Krishna lila in murals

Based on a square plan, the temple of Kishan Chand Bhandari, has a complex of buildings. The shrine is built on the upper storey and the apartment on the ground floor is partly used by the temple priest and partly converted into shops. After crossing the portico, one enters a small deorhi with a high tapering dome. It has perforated stone slabs fixed on the eastern wall. The deorhi opens into the main shrine with a square-based garbh-griha located at the centre with the images of Radha and Krishna enshrined. It is surrounded by a considerably wide circumambulatory.

The lofty sikhara above the garbh-griha tapers into a pinnacle surmounted by a golden kalash that tilted during the earthquake of 1905.

Every inch on the walls of the garbh-griha, the parikrama and the deorhi is embellished with more than a 100 panels of murals with themes derived from Hindu mythology. Four murals of fairly large dimensions embellish the outer surface of the walls flanking the entrance.

The murals inside the temple, many of small dimensions, appear to be a faithful imitation of miniatures with a blend of craftsmanship required for the wall.

Although a majority of paintings depict episodes from the life of Krishna, the painter has not maintained any sequence of events. Consequently, representation of scenes other than those related to Krishna have appeared here and there. Nevertheless, the painter adhered tly to religious themes. No secular theme, more often than not, found painted in the religious edifices of the 19th century Punjab, appear in the temple except one which illustrates Kishan Chand Bhandari standing with folded hands before Radha and Krishna.

Murals illustrating Krishna as a child represent him crying for moon at Yashoda’s house, killing the serpent Kaliya, stealing butter and playing hide-and-seek with his friends. In his youth, he is portrayed playing with gopis, headed by Radha, the theme vernacularly known as lilas. Krishna and Radha are seen on a swing, sitting on a couch of love, quarrelling and reconciling and enjoying Holi. Krishna is seen lifting Giri Govardhan, killing Kansa, Bakusura and Putana and entertaining Sudama, his childhood friend. Krishna also appears in scenes from the Mahabharata as driver of Arjuna’s chariot and helping Draupadi at the time of her unveiling by Kauravas.

Krishna 2
Radha and Krishna are depicted in a myriad moods
 
Vishnu finds place in a considerable number of murals. He appears with four arms reclining on the serpent Sesha floating on water. In his four hands he holds a club, a shell, a discus and a lotus which constitute his iconic paraphernalia. From his navel, sprouts a lotus bearing upon its petals the god Brahma. He also appears in the form of various incarnations known as avataras viz. Matsya or fish, Kurma or tortoise, Varaha or boar, Vamana or dwarf, Parsurama or Rama of the Axe. Kalki, the last incarnation of Vishnu, is yet to come at the end of Kali Yuga. Yet another panel represents him in the Gajendra Moksha scene.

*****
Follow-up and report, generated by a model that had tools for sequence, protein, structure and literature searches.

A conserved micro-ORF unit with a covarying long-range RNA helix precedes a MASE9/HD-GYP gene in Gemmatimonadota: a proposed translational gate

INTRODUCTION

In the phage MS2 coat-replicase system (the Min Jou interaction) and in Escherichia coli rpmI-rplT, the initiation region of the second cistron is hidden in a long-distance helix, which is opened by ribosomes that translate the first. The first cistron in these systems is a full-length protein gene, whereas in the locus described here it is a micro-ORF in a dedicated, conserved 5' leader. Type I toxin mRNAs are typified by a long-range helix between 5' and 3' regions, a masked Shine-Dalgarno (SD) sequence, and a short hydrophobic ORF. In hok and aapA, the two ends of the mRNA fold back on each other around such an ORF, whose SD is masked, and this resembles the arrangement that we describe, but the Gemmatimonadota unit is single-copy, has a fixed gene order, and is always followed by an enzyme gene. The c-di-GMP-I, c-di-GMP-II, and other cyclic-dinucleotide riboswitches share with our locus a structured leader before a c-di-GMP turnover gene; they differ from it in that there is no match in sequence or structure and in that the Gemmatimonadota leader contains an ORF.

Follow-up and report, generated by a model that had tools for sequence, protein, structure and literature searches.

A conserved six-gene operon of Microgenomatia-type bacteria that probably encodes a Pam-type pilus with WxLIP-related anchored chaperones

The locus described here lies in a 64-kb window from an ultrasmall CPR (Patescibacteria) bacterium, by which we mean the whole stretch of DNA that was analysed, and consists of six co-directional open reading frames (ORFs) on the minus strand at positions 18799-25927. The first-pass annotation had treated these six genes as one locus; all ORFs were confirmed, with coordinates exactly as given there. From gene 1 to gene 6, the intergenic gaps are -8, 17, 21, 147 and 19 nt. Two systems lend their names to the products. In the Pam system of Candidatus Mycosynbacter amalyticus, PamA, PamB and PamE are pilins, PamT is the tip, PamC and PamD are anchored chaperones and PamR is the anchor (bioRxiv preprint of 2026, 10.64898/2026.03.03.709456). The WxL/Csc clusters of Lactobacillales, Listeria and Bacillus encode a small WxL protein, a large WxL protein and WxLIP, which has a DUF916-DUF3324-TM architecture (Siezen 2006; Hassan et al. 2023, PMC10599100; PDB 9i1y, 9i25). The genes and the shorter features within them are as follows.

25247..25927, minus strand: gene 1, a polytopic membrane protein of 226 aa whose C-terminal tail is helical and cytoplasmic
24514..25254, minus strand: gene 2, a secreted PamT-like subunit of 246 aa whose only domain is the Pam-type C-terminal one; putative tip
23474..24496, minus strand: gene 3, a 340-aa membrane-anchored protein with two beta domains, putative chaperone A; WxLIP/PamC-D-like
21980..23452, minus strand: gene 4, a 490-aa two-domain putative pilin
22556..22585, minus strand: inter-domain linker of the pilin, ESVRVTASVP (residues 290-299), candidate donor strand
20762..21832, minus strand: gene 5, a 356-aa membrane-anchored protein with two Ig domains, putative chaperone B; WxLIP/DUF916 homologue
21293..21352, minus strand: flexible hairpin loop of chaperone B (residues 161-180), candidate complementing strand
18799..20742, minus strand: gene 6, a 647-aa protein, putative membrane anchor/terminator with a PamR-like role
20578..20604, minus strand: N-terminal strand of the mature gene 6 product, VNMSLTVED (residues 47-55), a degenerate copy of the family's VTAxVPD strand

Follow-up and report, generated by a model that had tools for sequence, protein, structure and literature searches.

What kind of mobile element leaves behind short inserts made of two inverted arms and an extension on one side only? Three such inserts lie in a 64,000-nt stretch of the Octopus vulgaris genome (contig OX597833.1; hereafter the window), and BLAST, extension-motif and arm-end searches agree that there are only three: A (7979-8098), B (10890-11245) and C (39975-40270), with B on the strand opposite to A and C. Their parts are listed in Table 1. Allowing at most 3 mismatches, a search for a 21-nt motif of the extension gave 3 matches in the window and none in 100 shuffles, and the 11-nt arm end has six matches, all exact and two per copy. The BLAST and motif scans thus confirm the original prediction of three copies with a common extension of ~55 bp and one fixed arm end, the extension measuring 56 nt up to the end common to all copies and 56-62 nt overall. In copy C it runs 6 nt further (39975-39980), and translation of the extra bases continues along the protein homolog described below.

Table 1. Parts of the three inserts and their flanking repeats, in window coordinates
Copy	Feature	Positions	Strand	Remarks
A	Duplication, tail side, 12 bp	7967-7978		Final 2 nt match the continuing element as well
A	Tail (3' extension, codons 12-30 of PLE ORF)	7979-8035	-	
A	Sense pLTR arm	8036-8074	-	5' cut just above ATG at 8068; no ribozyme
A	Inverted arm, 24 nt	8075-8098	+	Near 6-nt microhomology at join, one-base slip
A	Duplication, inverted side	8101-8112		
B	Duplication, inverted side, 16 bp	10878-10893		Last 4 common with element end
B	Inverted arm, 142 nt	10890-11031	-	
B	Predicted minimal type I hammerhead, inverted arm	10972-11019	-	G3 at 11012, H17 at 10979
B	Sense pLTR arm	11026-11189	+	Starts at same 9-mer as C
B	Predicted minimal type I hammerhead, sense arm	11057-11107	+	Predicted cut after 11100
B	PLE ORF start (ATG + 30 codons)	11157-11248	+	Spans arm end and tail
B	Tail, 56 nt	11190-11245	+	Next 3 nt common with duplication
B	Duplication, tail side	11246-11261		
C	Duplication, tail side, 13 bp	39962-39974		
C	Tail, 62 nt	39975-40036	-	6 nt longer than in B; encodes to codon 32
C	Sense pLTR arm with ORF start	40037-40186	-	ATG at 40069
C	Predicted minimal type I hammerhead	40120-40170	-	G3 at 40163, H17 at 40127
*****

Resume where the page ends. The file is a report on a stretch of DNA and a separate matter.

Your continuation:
The representation of Shakti, the supreme power taking feminine form and incarnated under many names for the destruction of demons, is also depicted in some of the panels. In addition, several other themes derived from Hindu mythology do appear, including deities like Surya, Indra, Brahma, Jagannatha and Ganesha.

These murals, executed in rectangular formats, were in a fairly good state of preservation when I first visited this temple in June, 1971 to make a photographic record. When I visited it again recently, after a gap of 36 years, the sheen of the paintings have become slightly diminished, apparently due to the ravages of time.

It is remarkable, however, that this temple has withstood the change of fashion from painted walls to whitewashed and distempered walls that have ruined murals in several shrines in Punjab, Haryana and Himachal Pradesh. But for the daubed captions in Hindi by some unscrupulous hand, the paintings in the Bhandari temple are still the best extant remains of 19th century mural art. 

 

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